Thursday, July 5, 2012

you know those awesome drug dogs?

Nevada's drug dogs are trained to respond to the officers, not to the drugs. Does this surprise you? Maybe what should surprise you instead is that we ever fell for the idea that a reaction from a dog is considered a cause for reasonable suspicion.

I admire the dogs used to find bodies in the wreckage after earthquakes or tornadoes or floods, so it isn't that I think dogs are not smart enough to detect drugs. However, there is a huge difference between saving a life based on a dog's senses, and wrecking a life because a dog reacted a certain way. Kind of like polygraphs: Sure, they might be right sometimes or even many times, but the fact that they can be wrong is reason they cannot be used as evidence in court.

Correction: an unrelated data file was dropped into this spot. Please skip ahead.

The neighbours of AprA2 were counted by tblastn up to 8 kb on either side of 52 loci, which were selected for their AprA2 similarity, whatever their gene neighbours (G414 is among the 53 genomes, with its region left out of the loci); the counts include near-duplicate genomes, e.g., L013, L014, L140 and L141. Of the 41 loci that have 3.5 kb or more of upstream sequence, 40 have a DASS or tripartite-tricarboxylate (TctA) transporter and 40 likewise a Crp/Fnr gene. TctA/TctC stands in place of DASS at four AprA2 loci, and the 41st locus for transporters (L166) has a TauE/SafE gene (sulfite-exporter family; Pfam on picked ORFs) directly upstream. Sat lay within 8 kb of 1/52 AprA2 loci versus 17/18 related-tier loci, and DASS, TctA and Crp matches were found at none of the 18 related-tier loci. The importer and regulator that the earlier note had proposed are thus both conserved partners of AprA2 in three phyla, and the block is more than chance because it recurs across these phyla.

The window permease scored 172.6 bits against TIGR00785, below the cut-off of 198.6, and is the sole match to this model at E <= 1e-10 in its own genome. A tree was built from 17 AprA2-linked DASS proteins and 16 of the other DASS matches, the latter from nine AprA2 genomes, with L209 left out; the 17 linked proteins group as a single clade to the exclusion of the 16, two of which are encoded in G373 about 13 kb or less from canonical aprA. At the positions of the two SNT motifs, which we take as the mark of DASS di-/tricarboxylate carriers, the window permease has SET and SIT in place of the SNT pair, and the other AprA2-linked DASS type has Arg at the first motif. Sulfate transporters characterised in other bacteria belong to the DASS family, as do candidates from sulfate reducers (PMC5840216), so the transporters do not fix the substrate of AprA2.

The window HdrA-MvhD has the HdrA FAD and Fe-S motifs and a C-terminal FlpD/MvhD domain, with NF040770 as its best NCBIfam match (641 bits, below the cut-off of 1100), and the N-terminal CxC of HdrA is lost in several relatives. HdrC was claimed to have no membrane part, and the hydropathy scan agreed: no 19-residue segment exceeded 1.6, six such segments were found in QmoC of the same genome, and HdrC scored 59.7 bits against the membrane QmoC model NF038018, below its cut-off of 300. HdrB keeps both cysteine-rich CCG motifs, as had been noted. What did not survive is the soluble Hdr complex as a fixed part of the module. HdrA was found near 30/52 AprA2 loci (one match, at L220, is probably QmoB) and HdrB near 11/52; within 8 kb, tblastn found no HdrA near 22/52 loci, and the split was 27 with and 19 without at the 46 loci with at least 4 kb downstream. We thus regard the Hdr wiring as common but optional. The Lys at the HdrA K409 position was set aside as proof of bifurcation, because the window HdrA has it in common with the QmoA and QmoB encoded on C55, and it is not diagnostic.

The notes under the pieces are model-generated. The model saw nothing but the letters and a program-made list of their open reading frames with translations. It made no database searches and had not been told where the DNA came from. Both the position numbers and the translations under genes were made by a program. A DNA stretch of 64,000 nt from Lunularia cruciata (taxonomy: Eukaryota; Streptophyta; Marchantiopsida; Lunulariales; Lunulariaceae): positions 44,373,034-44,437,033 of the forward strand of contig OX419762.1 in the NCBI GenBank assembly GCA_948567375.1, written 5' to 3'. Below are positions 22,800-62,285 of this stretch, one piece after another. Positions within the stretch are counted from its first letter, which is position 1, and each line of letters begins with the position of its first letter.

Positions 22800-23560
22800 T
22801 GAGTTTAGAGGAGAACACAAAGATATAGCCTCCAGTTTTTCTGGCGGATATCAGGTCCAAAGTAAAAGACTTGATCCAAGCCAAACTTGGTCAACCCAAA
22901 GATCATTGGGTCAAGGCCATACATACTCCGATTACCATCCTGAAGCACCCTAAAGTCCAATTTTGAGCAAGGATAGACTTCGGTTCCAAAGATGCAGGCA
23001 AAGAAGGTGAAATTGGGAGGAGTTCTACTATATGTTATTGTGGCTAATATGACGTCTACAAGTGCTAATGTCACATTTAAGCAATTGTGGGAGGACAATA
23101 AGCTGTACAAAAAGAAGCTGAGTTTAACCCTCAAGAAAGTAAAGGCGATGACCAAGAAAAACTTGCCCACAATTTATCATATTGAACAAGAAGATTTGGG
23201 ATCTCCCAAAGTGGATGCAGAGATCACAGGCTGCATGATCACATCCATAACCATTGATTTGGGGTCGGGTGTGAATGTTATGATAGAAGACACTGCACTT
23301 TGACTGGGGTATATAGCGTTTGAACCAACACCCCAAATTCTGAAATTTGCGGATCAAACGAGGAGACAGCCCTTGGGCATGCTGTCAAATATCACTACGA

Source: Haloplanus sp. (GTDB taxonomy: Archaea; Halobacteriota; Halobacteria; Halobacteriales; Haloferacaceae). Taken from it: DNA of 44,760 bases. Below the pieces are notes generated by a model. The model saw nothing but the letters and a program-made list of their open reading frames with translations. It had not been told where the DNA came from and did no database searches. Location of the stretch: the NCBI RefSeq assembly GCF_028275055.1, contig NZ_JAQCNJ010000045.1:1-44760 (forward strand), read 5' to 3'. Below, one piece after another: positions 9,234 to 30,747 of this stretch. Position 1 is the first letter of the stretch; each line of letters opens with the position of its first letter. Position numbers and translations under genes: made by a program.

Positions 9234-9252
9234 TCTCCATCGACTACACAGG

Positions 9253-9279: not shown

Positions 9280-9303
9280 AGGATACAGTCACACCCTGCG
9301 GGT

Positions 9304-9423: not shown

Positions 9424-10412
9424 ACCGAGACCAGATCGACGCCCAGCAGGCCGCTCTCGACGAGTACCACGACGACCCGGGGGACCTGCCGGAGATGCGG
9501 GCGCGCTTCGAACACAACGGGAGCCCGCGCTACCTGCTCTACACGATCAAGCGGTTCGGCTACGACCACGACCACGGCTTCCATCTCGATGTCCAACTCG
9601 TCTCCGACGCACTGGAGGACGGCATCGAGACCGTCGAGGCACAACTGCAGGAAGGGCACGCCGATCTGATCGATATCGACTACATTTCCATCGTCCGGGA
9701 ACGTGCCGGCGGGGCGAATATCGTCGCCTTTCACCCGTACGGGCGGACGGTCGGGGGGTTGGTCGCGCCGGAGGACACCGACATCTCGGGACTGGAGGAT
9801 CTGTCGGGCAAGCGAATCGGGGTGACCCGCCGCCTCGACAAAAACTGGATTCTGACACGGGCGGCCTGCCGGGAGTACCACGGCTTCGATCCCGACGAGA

When dogs are used to detect drugs--high schools routinely let drug dogs find the lockers that contain drugs, for example--we are accepting the reaction of an animal as legal justification for infringing on someone's right to be free from search or seizure . The animal cannot explain its reaction, it cannot be questioned. If a cop searched a car (or a locker) with only the justification that he "had a sense" that the car/locker contained drugs, we would laugh. Why do we roll over for dogs? 

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